B.C.’s Powerex to pay Californians $750 million

Minister says Hydro deal to settle overcharge claims avoids risk of potential $3.2b penalty

  • Aug. 20, 2013 4:00 p.m.

B.C. Energy and Mines Minister Bill Bennett.

BC Hydro’s electricity export arm has agreed to pay Californians $750 million to settle accusations it overcharged during the state’s energy crisis of 2000-01 and avoid the risk of a much higher court-ordered penalty.

Energy Minister Bill Bennett said Friday the settlement by Powerex won’t drive up electricity rates in B.C., although part of the payment will be recouped from a five per cent rate rider that already applies to Hydro customers.

“This was an extremely difficult decision to come to but a very necessary decision to protect British Columbia taxpayers from an unpredictable result in the U.S. court system,” Bennett said.

He maintains BC Hydro did nothing wrong in the years when other power sellers did manipulate energy prices to California amid rolling blackouts, triggering lawsuits for refunds from dozens of sellers, including Powerex.

But he says fighting on could have been much more expensive, because U.S. regulators already partly ruled against the targeted utilities in a blanket judgment.

Powerex faced a possible $3.2-billion penalty if it lost, he said, and that would have come after years of fighting in U.S. courts, stacking up $125 million a year in interest and a projected legal bill of $50 million.

Bennett said he’s “not happy” but noted the payout works out to 12 cents on the dollar of what Hydro may have paid out.

“We could duke this out,” he said, adding it would be a “lifetime’s work” for the lawyers involved and a huge risk to B.C. taxpayers.

“It’s actually irresponsible to not settle this with the opportunity we’ve got.”

Most of the cost of the payout consists of wiping out a $475-million debt California owes Powerex, plus interest, or else has already been carved out of Powerex profits.

A remaining $100 million that must be found will come via the rate rider and will be overseen by the B.C. Utilities Commission, Bennett said.

NDP energy critic John Horgan called it a “complete capitulation” when B.C. had a “strong hand” as a result of a string of U.S. Federal Energy Regulatory Commission (FERC) rulings that had largely absolved Powerex of unfairly exploiting the energy crisis.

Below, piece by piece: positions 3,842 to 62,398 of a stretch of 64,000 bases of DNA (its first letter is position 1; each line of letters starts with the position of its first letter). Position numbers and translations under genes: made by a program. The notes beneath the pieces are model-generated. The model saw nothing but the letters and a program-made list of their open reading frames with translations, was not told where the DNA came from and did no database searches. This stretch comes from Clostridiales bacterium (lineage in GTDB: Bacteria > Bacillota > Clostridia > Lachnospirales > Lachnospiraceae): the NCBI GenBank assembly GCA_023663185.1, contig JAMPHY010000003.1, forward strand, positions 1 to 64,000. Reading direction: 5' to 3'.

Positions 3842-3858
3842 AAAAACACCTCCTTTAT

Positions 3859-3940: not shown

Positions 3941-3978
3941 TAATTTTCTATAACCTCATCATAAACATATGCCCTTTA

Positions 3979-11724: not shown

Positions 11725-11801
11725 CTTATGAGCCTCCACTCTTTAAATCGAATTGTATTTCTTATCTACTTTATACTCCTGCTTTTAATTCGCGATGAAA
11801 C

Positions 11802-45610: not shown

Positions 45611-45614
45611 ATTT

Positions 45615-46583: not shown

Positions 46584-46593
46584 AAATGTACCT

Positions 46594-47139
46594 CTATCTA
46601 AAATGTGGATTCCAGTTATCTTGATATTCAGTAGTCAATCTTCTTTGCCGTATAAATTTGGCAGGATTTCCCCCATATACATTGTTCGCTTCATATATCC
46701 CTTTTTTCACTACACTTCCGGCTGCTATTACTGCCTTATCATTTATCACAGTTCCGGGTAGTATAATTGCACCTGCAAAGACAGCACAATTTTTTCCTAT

And he said it’s “absolute lunacy” for Bennett to claim the large payout won’t contribute to higher BC Hydro rates in the coming years and possibly cut into government dividends from Hydro at taxpayers’ expense.

“The only place that can come from is ratepayers,” Horgan said.

The NDP critic backed former energy minister Rich Coleman in February when the province was determined to fight on.

Horgan said a reasonable settlement would have been to erase the amounts owed by California but not pay the $275 million in additional cash.

He also dismissed suggestions from Powerex CEO Teresa Conway that the deal was important to preserve BC Hydro’s business relationship with the California market, which has generated $3.5 billion in revenue over the years.

Bennett likened the decision to the choice made in past years by Canadian forest companies to settle the softwood lumber dispute rather than gamble on a U.S. court outcome.

Most other power sellers accused of overcharging have settled.

The decision by Powerex to follow suit must still be approved by FERC.

Most of the refunds will go to customers of California’s biggest utilities.

 

// <![CDATA[

!function(d,s,id){var js,fjs=d.getElementsByTagName(s)[0],p=/^http:/.test(d.location)?’http’:’https’;if(!d.getElementById(id)){js=d.createElement(s);js.id=id;js.src=p+”://platform.twitter.com/widgets.js”;fjs.parentNode.insertBefore(js,fjs);}}(document,”script”,”twitter-wjs”);

//

Just Posted

Documentary reveals Fernie’s role in WWI internment operations

That Never Happened to screen on 100th anniversary of Morrissey internment camp closure

Environmental monitoring meeting in Elkford tonight

Meeting to focus on environmental monitoring programs at Teck coal mines in the Elk Valley

VIDEO: This is what buying legal pot in B.C. looks like

Take a look inside B.C.’s first and only legal pot shop located in Kamloops

Elkford councillor Joe Zarowny remembered

The District of Elkford today announced the passing of long time councillor,… Continue reading

‘Police are ready’ for legal pot, say Canadian chiefs

But Canadians won’t see major policing changes as pot becomes legal

Mellow opening to B.C.’s only legal pot shop

About five people lined up early for the opening of the BC Cannabis Store in Kamloops.

Meet the City of Fernie candidates

Voters in Fernie will vote for one Mayor, six Councillors and one School Board Trustee on October 20

Meet the District of Sparwood candidates

Voters in Sparwood will vote for one Mayor and six Councillors on October 20

Meet the District of Elkford candidates

The Elkford Chamber of Commerce will host an All Candidates Forum on October 4

Jagmeet Singh says marijuana pardons are not enough

Trudeau government will streamline pardon process for Canadians convicted of simple possession of marijuana in the past

BC Ferries begins taking debit in two-month pilot project

Company is giving customers option to use Interac on two-month trial on select vessels

Caregivers banned from smoking, growing cannabis around children-in-care: MCFD

Ministry has limited cannabis use for caregivers, stating it may “pose a risk to children and youth.”

Cheaper strains sell out within minutes on online BC Cannabis Store

Province says new strains will become available in the coming months

Only 40% of B.C. car dealerships have electric cars available: report

Researchers found buyers frustrated at the lack of options

Most Read